I'm Nothing but Imaginary | Teen Ink

I'm Nothing but Imaginary

June 12, 2013
By Tigerfly101 PLATINUM, Derry, New Hampshire
Tigerfly101 PLATINUM, Derry, New Hampshire
20 articles 0 photos 0 comments

Favorite Quote:
"My voice is my weakness, my pen is my savior." -By Domonique Frechette

It was night. The sky above was black and dotted with stars. They pulsed with light, reaching out their tiny rays as if trying to escape from the dark abyss whose grasp never loosened. It was a sad thing, though I knew it was simply nature’s way.

The thought of their lonely struggle brought me back to my own. I sighed and sat up from my grassy bed. Looking away from the sky, I gazed across the endless field. It wasn't really endless, but how I wished it so. To be able to walk forever, never reaching troubles or feelings that dragged me down. To lie and sleep when I felt tired, not when time decided. Time; it was not a kindly thing to me. It planned out every outcome. How my day was, my night would be. The actions I made decided my consequences. It was as if I was playing a game with time. I rolled the die as I moved about with my day, and as my day ended, time would roll the die and I would suffer the result.

I then realized, as I thought bitterly of time, it also controlled when I was forced to leave the field and go back home. The sky was turning a watery gray with a thin line of hazy yellow sunshine on the horizon. The field was my hiding place, so big that being in the center of it kept me hidden from eyes that wanted to burn into me with disappointment.
I began my journey back to the west side of the field into the woods that held a bypass around the town streets. As I neared the trees, I could just see the blazing street lights, slowly blinking out now as the night faded and the day brightened. The forest was sparkling with morning dew, and the damp leaves were cold against my hands as I pushed through the drooping branches of a tree. There was a narrow pathway etched into the foliage-covered earth from the many times I had wandered this way, and I began to fallow it.

When I reached the weeping willow tree that marked the location of my back yard, I checked each window to see if the house lights were still off while my parents slept. They were and I crept slowly up the stairs to the back porch. When I got inside, it was still dark and the hallway was soundless. I silently thanked the floors for keeping my steps muffled on their carpet surface as I made my way to my room on the second floor. The only noise I made now was the heavy sigh of relief when I closed my door. It was Saturday now, so I had no need to get ready for school, and collapsed onto my bed, wrapping myself tightly in the blankets. Sleep took me in its warm, thick grasp quickly.

I opened my eyes for a mere second before closing them again as the blinding morning light struck them through my window. With my eyes tightly closed, I listened instinctively for the familiar clanking of dishes and the muffled talking of my parents downstairs. All I heard now was silence. I opened my eyes, ignoring the brightness that stung them. I walked out into the hallway and listened again. Still, I heard nothing but the humming of the house appliances. Most people would assume the silence was simply because the people who lived in the house were gone. However, this seemed a lot more than that. Every Saturday here was a routine; a routine that never changed. It was like a blank white wall, but today it was splattered with colorful paint in a confusing, jumbled manner.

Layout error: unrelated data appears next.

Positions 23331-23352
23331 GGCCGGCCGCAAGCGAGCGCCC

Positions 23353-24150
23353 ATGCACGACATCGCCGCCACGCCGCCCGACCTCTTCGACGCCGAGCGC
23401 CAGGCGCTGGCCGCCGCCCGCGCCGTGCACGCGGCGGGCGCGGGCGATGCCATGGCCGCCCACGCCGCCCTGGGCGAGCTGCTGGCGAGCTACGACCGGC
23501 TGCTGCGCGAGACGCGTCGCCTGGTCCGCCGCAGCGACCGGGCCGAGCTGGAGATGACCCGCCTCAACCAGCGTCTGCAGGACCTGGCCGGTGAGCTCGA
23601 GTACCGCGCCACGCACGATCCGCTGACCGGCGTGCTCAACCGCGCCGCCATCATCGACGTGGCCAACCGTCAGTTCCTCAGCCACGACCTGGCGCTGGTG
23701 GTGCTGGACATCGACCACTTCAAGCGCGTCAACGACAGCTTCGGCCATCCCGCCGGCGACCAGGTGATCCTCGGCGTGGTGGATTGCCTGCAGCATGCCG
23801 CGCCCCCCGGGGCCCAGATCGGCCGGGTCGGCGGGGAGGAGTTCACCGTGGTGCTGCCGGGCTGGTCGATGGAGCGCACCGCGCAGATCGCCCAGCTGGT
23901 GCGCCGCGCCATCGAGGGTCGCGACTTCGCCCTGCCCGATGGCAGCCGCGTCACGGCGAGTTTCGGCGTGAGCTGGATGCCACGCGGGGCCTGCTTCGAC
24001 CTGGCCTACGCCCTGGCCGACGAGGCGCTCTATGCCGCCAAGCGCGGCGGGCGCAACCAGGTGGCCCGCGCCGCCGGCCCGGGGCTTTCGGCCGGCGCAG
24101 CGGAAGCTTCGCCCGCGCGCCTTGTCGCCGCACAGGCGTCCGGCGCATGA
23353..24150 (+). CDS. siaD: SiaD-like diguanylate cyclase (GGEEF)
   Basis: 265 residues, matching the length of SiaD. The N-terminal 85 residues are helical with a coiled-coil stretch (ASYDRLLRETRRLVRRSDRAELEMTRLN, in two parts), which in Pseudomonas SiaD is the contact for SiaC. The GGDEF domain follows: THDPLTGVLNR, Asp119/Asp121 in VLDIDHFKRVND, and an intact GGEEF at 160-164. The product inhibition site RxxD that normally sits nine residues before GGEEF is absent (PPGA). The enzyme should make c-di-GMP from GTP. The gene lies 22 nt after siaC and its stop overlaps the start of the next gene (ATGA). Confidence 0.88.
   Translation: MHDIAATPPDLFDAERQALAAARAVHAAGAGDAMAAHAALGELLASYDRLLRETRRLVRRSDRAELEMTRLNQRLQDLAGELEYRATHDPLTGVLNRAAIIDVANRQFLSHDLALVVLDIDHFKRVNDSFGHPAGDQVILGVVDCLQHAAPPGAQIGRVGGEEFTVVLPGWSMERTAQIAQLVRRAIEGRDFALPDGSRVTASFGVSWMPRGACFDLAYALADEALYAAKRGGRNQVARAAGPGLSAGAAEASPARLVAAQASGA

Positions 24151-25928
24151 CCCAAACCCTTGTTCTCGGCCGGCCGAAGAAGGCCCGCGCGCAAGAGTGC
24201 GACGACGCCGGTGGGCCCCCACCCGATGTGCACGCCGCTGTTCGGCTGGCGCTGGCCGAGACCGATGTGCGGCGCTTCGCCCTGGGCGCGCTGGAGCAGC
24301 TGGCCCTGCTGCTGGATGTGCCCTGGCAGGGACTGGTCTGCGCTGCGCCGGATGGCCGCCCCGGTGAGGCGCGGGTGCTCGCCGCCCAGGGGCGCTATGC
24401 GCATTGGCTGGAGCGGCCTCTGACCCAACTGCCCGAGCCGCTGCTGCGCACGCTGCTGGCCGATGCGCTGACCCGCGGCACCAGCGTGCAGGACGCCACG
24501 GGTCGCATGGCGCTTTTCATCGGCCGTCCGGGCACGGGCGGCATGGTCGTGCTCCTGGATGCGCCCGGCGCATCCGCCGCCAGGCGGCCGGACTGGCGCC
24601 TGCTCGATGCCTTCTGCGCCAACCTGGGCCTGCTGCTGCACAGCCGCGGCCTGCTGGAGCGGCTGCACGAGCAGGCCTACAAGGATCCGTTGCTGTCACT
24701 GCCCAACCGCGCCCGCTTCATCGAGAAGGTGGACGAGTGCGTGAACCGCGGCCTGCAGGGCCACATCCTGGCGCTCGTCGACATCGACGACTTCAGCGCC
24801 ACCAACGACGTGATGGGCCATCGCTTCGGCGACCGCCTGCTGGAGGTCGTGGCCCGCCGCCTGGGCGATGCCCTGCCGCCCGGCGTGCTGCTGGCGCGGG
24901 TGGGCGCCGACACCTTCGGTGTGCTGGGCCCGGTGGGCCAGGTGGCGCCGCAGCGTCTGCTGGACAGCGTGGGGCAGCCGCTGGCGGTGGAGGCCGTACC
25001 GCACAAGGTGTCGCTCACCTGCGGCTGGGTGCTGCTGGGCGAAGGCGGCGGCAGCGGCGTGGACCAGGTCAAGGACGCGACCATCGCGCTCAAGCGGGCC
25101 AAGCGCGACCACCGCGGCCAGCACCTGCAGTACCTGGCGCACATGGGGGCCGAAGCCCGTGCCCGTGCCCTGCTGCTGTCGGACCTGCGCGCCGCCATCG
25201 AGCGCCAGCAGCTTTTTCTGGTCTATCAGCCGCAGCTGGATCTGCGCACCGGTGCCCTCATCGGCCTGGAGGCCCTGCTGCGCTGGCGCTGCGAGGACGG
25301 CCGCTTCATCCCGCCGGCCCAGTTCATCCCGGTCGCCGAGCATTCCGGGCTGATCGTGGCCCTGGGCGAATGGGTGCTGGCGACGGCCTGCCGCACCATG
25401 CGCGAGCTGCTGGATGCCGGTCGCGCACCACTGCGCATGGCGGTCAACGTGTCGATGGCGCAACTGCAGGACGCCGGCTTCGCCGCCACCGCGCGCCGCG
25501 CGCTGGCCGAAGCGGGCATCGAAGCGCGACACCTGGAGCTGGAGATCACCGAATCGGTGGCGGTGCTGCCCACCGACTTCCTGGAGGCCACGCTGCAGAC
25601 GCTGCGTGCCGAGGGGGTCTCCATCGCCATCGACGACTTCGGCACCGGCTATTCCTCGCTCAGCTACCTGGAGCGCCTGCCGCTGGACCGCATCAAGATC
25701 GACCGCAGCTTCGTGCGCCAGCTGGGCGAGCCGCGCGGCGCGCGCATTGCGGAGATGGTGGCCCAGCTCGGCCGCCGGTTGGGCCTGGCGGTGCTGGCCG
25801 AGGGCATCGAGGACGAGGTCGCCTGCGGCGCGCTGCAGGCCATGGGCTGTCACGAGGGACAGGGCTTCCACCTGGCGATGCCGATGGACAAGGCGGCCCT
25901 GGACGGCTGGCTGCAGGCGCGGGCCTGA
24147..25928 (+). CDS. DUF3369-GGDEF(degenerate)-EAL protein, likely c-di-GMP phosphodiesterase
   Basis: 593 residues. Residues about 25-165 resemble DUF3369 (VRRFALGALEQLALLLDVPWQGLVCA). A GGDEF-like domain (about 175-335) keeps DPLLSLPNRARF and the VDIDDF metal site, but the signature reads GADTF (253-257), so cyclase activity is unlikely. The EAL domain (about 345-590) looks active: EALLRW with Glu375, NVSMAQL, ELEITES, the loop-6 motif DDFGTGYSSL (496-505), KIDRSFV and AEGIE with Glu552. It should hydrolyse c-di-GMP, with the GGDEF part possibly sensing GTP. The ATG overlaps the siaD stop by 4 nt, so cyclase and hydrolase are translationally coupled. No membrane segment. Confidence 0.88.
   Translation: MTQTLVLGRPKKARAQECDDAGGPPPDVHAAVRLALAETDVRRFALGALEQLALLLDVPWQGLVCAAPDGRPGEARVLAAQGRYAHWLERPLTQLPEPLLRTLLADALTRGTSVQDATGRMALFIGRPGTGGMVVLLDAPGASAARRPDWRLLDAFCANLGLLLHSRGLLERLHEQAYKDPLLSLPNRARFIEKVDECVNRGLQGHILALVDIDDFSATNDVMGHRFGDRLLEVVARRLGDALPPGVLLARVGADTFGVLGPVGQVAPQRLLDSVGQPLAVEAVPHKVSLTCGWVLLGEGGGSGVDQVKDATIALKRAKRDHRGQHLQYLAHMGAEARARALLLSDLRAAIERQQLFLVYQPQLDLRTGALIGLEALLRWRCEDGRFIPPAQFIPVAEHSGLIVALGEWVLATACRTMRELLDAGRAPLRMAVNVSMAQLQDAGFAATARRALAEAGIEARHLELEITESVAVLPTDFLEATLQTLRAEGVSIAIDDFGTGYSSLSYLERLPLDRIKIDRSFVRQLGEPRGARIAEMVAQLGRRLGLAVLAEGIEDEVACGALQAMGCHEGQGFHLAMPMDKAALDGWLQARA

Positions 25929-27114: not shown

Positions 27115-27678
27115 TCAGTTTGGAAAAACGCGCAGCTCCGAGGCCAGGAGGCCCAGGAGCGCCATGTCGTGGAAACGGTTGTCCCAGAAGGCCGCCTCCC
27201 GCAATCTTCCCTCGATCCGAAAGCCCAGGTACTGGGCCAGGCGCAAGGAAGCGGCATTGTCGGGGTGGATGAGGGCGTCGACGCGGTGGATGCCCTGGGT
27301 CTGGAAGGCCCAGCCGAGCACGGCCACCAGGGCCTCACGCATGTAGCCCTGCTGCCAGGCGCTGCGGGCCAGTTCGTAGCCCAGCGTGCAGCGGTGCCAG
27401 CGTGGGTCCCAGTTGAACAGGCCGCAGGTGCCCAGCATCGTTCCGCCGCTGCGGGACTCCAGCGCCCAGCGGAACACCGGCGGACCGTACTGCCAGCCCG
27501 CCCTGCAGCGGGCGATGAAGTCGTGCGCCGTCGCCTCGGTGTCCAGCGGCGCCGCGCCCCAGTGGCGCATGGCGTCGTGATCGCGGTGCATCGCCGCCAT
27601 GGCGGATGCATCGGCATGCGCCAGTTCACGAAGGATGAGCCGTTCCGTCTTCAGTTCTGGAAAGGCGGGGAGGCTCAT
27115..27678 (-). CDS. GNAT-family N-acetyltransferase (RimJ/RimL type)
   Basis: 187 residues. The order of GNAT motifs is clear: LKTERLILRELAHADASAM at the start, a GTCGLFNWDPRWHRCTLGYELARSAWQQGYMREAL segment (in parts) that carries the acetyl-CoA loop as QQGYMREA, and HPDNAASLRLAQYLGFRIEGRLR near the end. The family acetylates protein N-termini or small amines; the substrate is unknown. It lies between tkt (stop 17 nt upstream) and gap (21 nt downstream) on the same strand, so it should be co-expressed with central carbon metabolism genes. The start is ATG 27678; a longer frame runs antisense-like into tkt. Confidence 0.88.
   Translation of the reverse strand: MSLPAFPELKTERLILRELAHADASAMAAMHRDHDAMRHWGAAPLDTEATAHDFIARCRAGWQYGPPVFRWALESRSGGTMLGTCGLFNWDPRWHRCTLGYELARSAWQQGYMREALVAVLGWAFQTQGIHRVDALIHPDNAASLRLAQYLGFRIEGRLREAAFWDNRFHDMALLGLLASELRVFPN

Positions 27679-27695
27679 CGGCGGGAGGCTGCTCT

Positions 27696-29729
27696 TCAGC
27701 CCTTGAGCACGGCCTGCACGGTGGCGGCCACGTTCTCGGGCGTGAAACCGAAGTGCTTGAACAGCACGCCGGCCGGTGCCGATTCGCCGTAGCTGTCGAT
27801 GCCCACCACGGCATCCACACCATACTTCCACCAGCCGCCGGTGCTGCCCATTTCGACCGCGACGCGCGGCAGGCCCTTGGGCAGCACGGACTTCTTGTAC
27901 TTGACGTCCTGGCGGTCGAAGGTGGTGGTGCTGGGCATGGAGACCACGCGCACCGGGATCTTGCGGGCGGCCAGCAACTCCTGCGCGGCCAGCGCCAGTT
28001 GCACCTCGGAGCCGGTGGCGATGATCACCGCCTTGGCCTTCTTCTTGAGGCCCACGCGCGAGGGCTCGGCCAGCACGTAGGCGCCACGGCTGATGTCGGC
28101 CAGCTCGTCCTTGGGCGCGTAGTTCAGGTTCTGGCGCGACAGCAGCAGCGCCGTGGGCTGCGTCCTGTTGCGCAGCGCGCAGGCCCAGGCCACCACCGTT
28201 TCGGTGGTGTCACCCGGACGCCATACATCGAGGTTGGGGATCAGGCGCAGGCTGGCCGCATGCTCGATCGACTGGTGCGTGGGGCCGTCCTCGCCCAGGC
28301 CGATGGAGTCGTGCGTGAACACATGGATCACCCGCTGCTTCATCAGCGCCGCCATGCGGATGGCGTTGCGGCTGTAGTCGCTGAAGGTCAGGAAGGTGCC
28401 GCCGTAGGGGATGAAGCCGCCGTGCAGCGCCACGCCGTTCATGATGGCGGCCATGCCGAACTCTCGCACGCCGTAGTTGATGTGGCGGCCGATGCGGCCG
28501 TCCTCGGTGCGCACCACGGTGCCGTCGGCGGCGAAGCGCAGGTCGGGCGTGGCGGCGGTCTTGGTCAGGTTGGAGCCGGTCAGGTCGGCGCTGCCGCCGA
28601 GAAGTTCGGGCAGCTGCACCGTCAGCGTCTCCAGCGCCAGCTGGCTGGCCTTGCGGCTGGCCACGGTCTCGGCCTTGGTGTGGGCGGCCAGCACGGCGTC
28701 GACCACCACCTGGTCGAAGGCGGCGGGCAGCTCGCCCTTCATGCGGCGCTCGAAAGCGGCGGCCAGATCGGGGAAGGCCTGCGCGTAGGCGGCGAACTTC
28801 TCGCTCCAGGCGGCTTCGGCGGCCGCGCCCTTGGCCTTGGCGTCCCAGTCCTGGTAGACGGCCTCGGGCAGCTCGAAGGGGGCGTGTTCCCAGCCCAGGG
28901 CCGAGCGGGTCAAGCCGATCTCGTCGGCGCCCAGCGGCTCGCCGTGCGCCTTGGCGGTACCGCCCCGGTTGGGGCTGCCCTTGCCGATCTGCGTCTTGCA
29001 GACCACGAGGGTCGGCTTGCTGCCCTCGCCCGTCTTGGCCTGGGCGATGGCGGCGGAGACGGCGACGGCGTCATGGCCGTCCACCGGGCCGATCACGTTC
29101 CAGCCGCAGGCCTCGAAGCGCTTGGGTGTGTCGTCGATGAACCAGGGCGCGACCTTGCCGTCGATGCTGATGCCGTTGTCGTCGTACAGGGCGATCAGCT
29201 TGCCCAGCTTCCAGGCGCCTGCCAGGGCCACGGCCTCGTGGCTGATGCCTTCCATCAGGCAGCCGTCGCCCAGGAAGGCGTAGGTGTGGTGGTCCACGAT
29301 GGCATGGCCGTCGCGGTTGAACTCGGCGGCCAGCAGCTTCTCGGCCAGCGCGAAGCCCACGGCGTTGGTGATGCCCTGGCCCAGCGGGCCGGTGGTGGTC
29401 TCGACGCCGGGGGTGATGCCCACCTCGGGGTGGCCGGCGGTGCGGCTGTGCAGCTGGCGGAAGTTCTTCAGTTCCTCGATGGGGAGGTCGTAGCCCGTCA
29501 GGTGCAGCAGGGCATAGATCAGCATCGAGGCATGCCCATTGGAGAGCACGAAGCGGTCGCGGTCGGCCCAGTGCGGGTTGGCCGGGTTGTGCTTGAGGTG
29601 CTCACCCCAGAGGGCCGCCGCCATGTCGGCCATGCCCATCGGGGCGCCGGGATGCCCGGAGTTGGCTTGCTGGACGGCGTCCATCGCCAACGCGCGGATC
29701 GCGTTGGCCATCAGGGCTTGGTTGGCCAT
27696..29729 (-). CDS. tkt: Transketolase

I made my way downstairs and expected to at least see my father sitting in the living room with his newspaper. The living room was as silent as the rest of the house. Just when I was about to assume they went on some strange errand, I saw a gleam of light reflecting off the car in the front yard. My parents had gone without the mechanical help of a motor vehicle. I was baffled and confused. They would never step foot beneath the trees that lined the road that led to town, too afraid that a leaf might fall on them, or a slimy slug might appear in their path. The dirt driveway alone was too much for them to handle, for in their opinion, dirt is far too dusty and uneven to be walked on with nice shoes.

Taking my parents’ absence in was hard to do, but I was glad I did. I was free from that blank wall, that routine that never changed. I was free from time and its control. I did not know when my parents would return but I didn't care. I smiled and ran back upstairs. I did not plan to spend my glorious freedom inside the stuffy, predictable house. I wanted to be in the field where everything was unpredictable; where every detail seemed new, and beautiful in so many different ways, and where the sounds were natural, not artificial.

I put on my shoes and made my way to the back porch door. I barely pulled on the sliding door before I realized there was a small piece of paper tucked under the flower vase sitting atop the small round table next to me. It was in the shape of a cursive letter R. There was only one word, written with small neat letters, in the middle of the cut-out that read, “This”. I just stared at the word, written with small, neat letters. Although the writing was neat, I knew it was not written by either of my parents. I assumed it was just something I wrote a long time ago and simply forgot about it. I put the paper back on the table, and left the house behind.

The sun light shown down on the forest canopy, making the leaves above me shimmer brilliantly like jade. The pathway to the field was so different today. My usual visits were in the dark, when every branch, tree, or flower was blanketed in shadow, and every step I took was by memory, not by sight. Today every object that I used to see in darkness was lit up by the sunlight.